The struggle for good health and nutrition continues for our Indigenous Australians in the top end. The Garma Festival in far East Arnhem Land promotes a vision to have the same level of health and wellbeing for indigenous people as it is for our non Indigenous. The Yothu Yindi Foundation (est from my own home town in Nhulunbuy), host the Garma event to the entire nation and I wish to share this today to create awareness for improved health systems for the indigenous community that fosters their traditional cultural ways. I have experienced the severity of the health and nutrition deficiencies first hand when growing up with and working with Yolngu people in the community that I lived and later within the indigenous school for children with special needs.
Majority of the issues were related to severe gut disorders and digestive illness and many children were often frequently sick due to a compromised immune system. This was brought about after a dramatic change to their diet was introduced without the proper education when the mining town was established. Fast food and money to compensate for the borrowed land mining rights had a severe impact on their health and nutrition.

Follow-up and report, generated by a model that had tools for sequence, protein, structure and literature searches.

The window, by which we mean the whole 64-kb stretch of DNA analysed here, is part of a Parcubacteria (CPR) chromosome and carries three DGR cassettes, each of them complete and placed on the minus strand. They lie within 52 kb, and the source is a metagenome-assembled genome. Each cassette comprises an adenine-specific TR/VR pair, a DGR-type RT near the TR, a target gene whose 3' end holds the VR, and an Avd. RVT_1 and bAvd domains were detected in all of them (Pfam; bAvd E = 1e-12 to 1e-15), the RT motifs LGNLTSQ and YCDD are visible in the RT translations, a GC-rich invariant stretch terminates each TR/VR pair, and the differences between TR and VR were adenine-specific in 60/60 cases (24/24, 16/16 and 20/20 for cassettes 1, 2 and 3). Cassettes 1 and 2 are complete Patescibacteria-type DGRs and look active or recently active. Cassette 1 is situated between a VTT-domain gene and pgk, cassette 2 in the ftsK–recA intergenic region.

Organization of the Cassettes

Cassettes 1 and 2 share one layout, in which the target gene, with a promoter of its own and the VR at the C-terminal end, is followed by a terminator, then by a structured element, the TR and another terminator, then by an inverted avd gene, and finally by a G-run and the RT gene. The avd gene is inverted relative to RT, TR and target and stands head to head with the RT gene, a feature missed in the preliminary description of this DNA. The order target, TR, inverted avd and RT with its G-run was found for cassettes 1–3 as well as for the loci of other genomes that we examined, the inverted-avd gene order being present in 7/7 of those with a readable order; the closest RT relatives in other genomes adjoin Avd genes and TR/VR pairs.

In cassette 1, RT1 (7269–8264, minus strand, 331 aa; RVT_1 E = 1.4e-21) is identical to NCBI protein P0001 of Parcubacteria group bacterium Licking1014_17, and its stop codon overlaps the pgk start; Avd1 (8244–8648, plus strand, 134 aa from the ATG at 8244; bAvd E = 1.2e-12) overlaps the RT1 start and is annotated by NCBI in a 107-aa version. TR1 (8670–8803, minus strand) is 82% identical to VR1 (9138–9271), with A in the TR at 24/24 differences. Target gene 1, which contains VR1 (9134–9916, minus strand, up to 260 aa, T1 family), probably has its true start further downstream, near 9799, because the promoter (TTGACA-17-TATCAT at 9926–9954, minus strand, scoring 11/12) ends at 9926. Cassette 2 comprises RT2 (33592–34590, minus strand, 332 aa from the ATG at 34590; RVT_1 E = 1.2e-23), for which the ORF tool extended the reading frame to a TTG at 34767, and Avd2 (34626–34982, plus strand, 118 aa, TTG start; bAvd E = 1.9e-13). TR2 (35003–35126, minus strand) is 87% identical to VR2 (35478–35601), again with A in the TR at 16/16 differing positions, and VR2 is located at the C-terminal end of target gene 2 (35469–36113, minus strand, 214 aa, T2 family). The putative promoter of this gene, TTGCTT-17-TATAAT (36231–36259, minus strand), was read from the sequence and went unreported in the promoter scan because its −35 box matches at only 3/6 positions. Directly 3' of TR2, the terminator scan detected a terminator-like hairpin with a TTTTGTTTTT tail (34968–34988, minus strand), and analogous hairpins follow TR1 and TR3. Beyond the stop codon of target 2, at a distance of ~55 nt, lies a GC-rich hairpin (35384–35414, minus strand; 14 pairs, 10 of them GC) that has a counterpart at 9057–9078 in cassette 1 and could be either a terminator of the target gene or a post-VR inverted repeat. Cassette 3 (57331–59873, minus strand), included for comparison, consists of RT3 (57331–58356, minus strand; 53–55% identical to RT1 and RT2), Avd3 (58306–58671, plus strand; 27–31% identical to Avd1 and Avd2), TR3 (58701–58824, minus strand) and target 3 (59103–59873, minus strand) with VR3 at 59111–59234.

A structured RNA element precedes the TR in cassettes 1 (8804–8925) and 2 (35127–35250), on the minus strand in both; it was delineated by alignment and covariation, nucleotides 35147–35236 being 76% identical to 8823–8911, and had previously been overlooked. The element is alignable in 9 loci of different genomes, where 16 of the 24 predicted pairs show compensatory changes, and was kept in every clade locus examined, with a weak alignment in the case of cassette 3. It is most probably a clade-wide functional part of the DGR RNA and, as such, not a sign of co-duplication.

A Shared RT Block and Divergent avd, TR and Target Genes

Yolngu people have since been striving for the return of traditional hunting and gathering practices which where once fostered in their community as a whole and this is where we would all benefit from learning if given the opportunity in today's industrial world. Fish was a staple in their diet for generations and it was sad to see this so quickly replaced for many of the children in canteen lines to get their fast food lunch containing fried processed food.
From bush berries to root nuts found at the end of reeds found in lagoons, raw turtle eggs and witchetty grubs and ants, these are all foods that I had tried on the porch of my Yolgnu family friends homes. This was often coupled with cut strands from my hair to which they used to paint didgeridoo artwork made out of clay paint. What a wealth of experience I was blessed with in growing up in East Arnhem Land. I am proud to have grown up in this town and to have known and worked alongside Mandawuy Yinupingu's wife Yalmay in her classroom which enriched my understanding of Yolngu culture and their traditional ways of hunting and eating which fortunately has not been completely lost.